I have already felicitated Prime Minister Atal Behari Vajpayee on the completion of his five years in office. It is a remarkable achievement by itself, given the diverse and large coalition that he heads. The test of Vajpayee's skill has been precisely in that he has managed to keep such a flock together despite the several mavericks in its fold. In doing so he must have had his difficult moments, but one has not seen him lose his cool or get unnerved. He is temperamentally tolerant and personally charming—qualities that win him friends, even outside the parivar.
The country's experience of more than a decade shows that multi-party coalitions are here to stay. This, of course, goes a long way in strengthening a federal polity. But the main difference between this coalition government and those preceding it like those of Charan Singh, Chandra Shekhar, H.D. Deve Gowda and myself is that, then, outside support (from the Congress) proved to be transitory and untenable. This time, the main political party, the BJP, being the largest, heads it from within.
When all is said and done, it must be admitted that it was a rather difficult task for Vajpayee to reconcile contradictions even within his own party. The prime minister has tried hard to sustain the liberal paradigms of the polity. I wish he was more firm in dealing with the radicals of his own party.
There is no doubt in my mind about Vajpayee's own liberal outlook and catholicity, but his years in power have strained the nation's secular institutions. This may not be his own doing but that of some of his cohorts whom he would not contain. His articulations regarding Gujarat disappointed many of his friends and that includes me. I hope in the coming days, Vajpayee, as a leader of the nation-state, will be able to handle such situations deftly.
The economic policies of the government are confusing, even though those in power want us to believe it stands in a continuity from the Manmohan Singh and P. Chidambaram eras. It's important to build a national consensus regarding disinvestment and globalisation, particularly when the powerful countries want to put others in a straitjacket.
I share Vajpayee's broad paradigm regarding foreign policy that was spelt out by Nehru and broadly sustained by all those who followed him. Our traditional relations with the Arab world, Central Asia, Russia, China and the West are in good health. I don't think that improving relations with Israel is an impediment to Indo-Arab ties. It was Nehru who let the Israeli government establish its consulate in Mumbai without in any way diluting our support for the Palestinian cause. I also support Vajpayee's stand on Iraq. It is a balanced policy keeping national interests in mind.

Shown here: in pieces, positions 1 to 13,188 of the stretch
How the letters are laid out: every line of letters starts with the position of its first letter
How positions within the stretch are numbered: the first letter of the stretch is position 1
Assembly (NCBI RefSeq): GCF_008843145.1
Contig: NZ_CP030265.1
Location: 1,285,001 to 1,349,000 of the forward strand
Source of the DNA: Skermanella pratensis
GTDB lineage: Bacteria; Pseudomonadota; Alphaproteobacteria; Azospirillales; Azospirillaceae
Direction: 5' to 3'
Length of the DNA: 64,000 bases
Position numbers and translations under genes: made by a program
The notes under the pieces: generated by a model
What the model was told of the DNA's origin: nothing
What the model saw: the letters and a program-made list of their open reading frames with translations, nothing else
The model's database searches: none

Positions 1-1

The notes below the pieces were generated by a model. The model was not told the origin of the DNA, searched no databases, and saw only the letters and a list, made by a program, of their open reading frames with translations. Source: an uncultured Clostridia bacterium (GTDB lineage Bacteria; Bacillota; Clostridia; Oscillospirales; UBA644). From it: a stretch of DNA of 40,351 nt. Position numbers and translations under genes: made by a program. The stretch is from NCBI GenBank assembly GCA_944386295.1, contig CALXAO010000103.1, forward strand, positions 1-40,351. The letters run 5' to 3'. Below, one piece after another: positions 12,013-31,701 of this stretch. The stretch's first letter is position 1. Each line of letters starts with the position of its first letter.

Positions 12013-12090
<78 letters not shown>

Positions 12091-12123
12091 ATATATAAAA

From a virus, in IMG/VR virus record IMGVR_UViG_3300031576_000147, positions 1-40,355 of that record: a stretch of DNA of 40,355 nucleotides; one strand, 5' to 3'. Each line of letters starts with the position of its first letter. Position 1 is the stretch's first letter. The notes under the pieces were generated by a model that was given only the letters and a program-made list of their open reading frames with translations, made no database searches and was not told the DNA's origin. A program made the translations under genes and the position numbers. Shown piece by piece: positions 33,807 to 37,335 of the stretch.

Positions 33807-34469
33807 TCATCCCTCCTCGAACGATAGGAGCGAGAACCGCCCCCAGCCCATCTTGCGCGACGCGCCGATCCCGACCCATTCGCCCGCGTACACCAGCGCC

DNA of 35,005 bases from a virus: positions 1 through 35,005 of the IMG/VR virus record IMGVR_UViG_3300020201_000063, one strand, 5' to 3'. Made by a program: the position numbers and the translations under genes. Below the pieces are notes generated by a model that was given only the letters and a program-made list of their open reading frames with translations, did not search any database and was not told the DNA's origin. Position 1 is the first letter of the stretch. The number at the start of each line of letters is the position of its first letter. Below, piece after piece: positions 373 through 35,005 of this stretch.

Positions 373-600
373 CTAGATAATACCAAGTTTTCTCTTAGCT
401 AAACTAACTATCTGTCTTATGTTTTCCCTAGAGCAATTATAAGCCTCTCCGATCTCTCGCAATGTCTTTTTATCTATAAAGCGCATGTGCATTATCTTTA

Where I have differences with the Vajpayee team is in its handling of the relationship with our South Asian neighbours, particularly Bangladesh. To blame the neighbourly government of infiltration or isi activities is faulty. The poor Bangladeshis cross the border without any assistance from their government.
As for Pakistan, it didn't help when Pervez Musharraf was invited to Agra without us doing our groundwork. Now we are confronted with the uncomfortable reality of the Pakistani president benefiting from a failed summit. I believe we must distinguish between the military regime in Pakistan and its civil society. In fact, many Pakistanis of outstanding credibility are blamed by the radicals for favouring Indo-Pakistan amity. It is saddening that even such people, who are sympathetic to India, are denied visas by our government. We must bear in mind that terrorists or isi agents won't seek visas or travel legally.
My personal relationship with Vajpayee has been of long standing.We have worked together in various stations of life. I recall the Morarji Desai era when I was India's ambassador to the Soviet Union and Vajpayee was the foreign minister. He stayed with me rather than enjoying state hospitality during his visit to Moscow. I do share some aspects of his worldview. His recent speech at the non-aligned summit in Malaysia has my support.
However, I am worried about some aspects of the situation prevailing in South Asia where a major world power is creeping in. Unless we revive our faith in the dynamism of saarc, we may be confronted with many difficulties in the future. I do hope the regime here will not let saarc be diluted because of our difficulties with Pakistan. Even the terrorist challenge that confronts us can be effectively met through South Asian cooperation.
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